Earlier this week, a joint report by the World Health Organisation and Unicef listed Pakistan among 95 countries that have met the UN Millennium Development Goal (MDG) of halving the proportion of population without access to basic sanitation since 1990. While it is progress indeed, and those who have put in a lot of effort need to be lauded, there are several subtleties that need to be kept in perspective. First, this is one of the many MDGs that make up the whole picture. Development is not a menu where we can pick the items of our liking. A quick and cursory glance at the UN Development charts for Pakistan suggests that of the 33 indicators for which data is available, Pakistan is on track for nine and off track for 24 and unlikely to meet the target there. So while meeting this particular target on sanitation is a positive step, the system as a whole has a long way to go. Second, while the current government is patting itself on the back, the MDGs are measured against the status in 1990, and lots of governments and dare I say, many NGOs, have played an important role in achieving this particular target. Finally, and perhaps more importantly, we have to recognise that MDGs are a common denominator, and should be used as a lower benchmark of progress, not the pinnacle of development. While it is great that approximately 64 per cent of the population has access to sanitation, a third of it, which is nearly 60-65 million people, do not have any access. For the targets we are going to miss, the road is even longer.
As we reflect on this recent success, a bigger question for us to ponder is, perhaps, having our own development targets. While MDGs are a useful international benchmark, there are many areas unique to our situation that contribute to our development and cannot be captured in the MDGs. Having our own targets will create a mechanism of accountability of our politicians, something that missing MDGs will never be able to do. Here I do not mean hyperbolic nonsense of eradicating corruption in 90 days, planting a billion trees in a province, or creating a Pakistan free of power outages in two years and so on and so forth. Instead, what we need is clear, realistic and important metrics that reflect a balance between ambition and reality, and also provide a quantitative basis for assessment. For the sake of argument and for lack of a better term, let us call them PDGs or Pakistan Development Goals. These goals should not be a reincarnation of the ill-informed and bureaucratic five-year plans of yesteryear. Instead, these goals need to be specific, in areas that are of highest relevance to our development, and need to be broadly advertised and tracked regularly online and in print by independent groups. For example, if we argue that power shortage is a major bottleneck for development, let us have a realistic target of cutting down power outages by a particular percentage by a given date. Simply saying that power outages will disappear completely in a year’s time is misleading and is never going to happen. The important piece missing from the national discourse is often the specificity of the target and the mechanism by which it can be independently judged.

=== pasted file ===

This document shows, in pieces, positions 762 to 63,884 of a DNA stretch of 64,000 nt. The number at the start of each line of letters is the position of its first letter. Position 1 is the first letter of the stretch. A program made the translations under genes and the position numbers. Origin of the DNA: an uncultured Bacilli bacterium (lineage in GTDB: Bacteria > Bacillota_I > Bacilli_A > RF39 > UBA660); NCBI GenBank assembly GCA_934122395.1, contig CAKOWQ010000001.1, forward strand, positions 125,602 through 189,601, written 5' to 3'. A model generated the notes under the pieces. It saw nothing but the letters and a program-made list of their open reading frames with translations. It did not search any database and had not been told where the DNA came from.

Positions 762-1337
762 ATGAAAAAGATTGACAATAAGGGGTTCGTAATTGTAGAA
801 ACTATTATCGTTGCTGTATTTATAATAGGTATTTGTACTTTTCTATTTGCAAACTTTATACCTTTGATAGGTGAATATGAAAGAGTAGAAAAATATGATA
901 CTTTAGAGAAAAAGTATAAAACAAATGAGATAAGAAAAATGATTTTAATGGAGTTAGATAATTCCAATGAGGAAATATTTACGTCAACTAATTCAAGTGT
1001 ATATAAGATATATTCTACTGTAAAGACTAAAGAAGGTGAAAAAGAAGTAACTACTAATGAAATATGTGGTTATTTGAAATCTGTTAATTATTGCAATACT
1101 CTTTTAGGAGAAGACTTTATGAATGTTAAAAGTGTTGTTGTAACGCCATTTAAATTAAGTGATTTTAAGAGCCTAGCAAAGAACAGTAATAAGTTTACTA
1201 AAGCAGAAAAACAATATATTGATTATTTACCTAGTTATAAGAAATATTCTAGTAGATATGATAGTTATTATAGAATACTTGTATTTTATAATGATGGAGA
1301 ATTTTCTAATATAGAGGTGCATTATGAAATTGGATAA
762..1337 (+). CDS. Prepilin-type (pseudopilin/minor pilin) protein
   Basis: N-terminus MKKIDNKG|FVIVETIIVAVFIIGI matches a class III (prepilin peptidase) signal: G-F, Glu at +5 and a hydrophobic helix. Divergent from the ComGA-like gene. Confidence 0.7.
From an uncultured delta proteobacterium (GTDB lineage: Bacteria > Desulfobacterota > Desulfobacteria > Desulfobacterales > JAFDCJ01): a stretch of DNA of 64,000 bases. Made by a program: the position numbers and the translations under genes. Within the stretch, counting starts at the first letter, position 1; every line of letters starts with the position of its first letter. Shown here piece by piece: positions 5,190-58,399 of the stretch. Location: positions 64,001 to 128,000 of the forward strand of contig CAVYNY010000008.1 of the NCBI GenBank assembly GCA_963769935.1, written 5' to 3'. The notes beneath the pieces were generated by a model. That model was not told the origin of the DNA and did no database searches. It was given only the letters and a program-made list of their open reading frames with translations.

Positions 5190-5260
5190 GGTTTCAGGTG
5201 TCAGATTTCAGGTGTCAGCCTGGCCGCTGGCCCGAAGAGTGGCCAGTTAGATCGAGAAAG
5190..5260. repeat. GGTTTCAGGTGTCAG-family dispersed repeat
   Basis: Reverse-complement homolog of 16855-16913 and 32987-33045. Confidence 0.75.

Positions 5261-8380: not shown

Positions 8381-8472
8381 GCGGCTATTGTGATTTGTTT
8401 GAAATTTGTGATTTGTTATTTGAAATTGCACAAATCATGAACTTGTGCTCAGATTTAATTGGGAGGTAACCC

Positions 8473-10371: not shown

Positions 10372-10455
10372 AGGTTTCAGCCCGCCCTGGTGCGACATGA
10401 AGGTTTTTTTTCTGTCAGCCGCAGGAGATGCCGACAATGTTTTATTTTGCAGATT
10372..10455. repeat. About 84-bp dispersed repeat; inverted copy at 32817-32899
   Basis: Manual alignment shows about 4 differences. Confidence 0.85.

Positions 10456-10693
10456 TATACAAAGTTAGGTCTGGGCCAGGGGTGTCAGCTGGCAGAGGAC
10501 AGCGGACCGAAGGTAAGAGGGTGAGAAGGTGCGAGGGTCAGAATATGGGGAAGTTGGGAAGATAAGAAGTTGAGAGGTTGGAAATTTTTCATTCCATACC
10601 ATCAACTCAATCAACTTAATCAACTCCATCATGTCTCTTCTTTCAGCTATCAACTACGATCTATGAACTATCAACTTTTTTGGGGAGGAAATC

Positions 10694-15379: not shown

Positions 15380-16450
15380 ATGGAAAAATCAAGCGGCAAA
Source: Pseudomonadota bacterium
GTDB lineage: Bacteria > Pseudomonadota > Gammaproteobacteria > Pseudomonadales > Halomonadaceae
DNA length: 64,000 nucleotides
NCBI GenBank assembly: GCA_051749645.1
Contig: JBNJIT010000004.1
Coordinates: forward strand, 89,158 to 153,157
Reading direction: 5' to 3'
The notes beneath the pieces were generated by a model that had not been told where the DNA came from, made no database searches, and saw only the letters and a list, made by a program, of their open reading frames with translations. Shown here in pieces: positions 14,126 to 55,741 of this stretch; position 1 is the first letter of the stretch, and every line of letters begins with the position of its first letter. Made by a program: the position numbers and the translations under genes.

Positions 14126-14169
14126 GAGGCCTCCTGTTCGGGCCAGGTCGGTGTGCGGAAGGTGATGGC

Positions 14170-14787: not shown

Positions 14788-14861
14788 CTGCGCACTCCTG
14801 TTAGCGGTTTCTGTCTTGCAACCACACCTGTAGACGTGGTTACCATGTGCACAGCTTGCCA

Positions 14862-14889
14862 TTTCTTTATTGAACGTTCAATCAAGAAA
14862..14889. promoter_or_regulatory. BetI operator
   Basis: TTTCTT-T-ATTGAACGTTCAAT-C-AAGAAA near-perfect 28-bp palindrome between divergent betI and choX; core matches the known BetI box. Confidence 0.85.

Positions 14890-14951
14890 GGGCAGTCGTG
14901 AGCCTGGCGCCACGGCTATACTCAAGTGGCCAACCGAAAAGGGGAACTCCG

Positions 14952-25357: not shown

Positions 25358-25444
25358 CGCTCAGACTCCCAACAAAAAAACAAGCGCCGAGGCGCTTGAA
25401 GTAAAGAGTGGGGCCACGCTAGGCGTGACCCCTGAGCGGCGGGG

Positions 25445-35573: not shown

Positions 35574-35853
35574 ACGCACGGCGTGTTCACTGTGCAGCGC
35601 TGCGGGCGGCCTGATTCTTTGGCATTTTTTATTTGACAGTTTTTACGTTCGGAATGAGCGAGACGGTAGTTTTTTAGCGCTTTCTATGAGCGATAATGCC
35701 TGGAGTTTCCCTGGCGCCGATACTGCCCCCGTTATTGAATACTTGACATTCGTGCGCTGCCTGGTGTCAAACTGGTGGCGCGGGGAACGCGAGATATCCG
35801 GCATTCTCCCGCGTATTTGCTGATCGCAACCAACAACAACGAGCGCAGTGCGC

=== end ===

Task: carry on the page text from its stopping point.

Power outages and the security situation are not the only bottlenecks for our development. Issues such as access to quality (and not just) education, research and training, and disease management, also deserve specific goals. Gender equity and treatment of minority groups make good fodder for political debates, but lack of meaningful targets make them easy to ignore. An even loftier set of targets would be increasing entrepreneurship by a particular percentage or increasing productivity in the high-tech sector by double digits through research, innovation and public-private partnership.
Our list need not be long and endless; it simply needs to reflect focus, commitment and willingness for development and accountability. Embracing the virtues of self-reflection, analysis and reform will provide both the momentum and the impetus to meet lofty targets set by international bodies and national needs.
Published in The Express Tribune, July 7th, 2015.